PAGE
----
Regeneron Pharmaceuticals, Inc. v. Merus BV, 1-14-cv-01650 (NYSD August 6, 2015, Order) (Forrest, J.)
Tuesday, August 11, 2015
Plaintiff's Discovery Misconduct and Late Waiver of Privilege Warrant Adverse Inference and Possible Finding of Inequitable Conduct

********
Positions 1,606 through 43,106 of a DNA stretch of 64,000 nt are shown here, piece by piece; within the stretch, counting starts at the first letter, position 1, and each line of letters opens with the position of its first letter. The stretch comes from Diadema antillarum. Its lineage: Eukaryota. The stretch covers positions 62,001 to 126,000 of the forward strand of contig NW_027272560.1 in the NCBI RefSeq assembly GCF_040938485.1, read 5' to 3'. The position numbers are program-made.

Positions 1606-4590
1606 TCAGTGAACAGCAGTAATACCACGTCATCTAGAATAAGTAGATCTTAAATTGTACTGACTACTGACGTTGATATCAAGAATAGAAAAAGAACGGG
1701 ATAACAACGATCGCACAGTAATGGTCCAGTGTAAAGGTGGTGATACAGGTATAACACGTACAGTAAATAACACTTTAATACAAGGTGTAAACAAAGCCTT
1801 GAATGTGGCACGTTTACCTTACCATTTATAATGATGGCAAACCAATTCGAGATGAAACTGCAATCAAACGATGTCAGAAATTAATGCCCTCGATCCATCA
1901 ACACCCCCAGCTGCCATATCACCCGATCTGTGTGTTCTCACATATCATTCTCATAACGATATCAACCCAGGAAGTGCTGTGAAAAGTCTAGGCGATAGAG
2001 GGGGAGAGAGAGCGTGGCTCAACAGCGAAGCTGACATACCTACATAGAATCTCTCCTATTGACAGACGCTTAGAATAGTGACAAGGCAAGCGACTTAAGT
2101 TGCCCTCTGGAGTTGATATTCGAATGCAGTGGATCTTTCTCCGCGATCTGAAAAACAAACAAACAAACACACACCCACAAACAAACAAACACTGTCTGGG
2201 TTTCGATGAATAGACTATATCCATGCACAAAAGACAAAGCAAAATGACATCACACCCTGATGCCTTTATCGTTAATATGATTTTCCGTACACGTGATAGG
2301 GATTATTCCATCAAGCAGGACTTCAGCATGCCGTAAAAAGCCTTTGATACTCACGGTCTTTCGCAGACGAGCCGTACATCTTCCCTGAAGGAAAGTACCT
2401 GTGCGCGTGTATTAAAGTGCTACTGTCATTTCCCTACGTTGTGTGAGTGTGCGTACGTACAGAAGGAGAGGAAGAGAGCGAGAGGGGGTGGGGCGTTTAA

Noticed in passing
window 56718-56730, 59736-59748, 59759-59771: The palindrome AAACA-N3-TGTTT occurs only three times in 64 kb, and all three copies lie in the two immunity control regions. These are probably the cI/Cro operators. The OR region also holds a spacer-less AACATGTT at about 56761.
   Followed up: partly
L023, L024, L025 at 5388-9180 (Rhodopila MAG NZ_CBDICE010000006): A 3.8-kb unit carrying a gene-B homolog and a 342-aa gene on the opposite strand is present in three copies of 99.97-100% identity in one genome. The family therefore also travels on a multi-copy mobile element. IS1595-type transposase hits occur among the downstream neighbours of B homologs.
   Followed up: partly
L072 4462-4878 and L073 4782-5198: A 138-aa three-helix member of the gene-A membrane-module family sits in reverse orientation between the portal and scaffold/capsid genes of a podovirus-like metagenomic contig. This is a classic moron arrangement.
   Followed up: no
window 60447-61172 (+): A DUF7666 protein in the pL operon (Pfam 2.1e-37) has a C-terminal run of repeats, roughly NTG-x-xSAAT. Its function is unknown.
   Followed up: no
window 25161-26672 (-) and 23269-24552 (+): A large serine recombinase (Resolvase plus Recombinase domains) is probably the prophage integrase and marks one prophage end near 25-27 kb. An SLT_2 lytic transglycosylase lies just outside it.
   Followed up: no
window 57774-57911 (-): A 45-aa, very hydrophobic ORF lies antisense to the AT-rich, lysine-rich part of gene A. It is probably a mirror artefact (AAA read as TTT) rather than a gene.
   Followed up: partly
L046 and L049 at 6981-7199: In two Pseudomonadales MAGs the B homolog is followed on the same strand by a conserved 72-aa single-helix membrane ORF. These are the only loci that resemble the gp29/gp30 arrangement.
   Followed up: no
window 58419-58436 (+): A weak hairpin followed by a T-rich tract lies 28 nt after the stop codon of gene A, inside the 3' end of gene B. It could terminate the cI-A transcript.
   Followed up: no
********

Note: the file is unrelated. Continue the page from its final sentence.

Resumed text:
The Court imposed an adverse inference sanction on plaintiff in light of (i) plaintiff's waiver of privilege in declarations filed in connection with a bench trial (in lieu of live testimony) on inequitable conduct, which privilege had been asserted as a basis for withholding documents during discovery, and (ii) other discovery abuses identified in the court's in camera review of withheld documents. "[B]y making affirmative statements in his declaration that during patent prosecution he viewed certain prior art or claim scope in a particular manner, [counsel] was using his statements as a sword. . . . This classic sword/shield issue injected a serious fairness concern into the trial at the very outset. . . .The parties had been working towards trial for a significant period of time; clients had flown in from overseas, witnesses were ready to be called, the courtroom was loaded with boxes upon boxes of trial exhibits. . . . [The court's in camera] sampling appeared not only to confirm [defendant's] concerns but also to reveal additional serious discovery issues: a number of non-privileged documents related to topics at issue throughout the litigation had been withheld on the basis of privilege. . . . The production failure is undoubtedly larger than the few exemplars revealed by the Court’s own review. Given the many thousands of documents on [plaintiff's] privilege log, the Court cannot know the full extent of the problem. . . . Merely striking the declarations and precluding testimony treats the most recent issues as isolated and remediable – when they are yet another step in a long pattern of litigation choices that have caused delay, inefficient use of resources, and diversion from the merits. . . . [I]t is appropriate to preclude the testimony of [an inventor and an attorney]. It is additionally appropriate to make an adverse inference as to the intent of [an inventor and an attorney]. Only this inference . . . is sufficient to remedy the array of issues discussed above and to place [defendant] in a position as near as possible to that which it would occupy in the absence of the misconduct."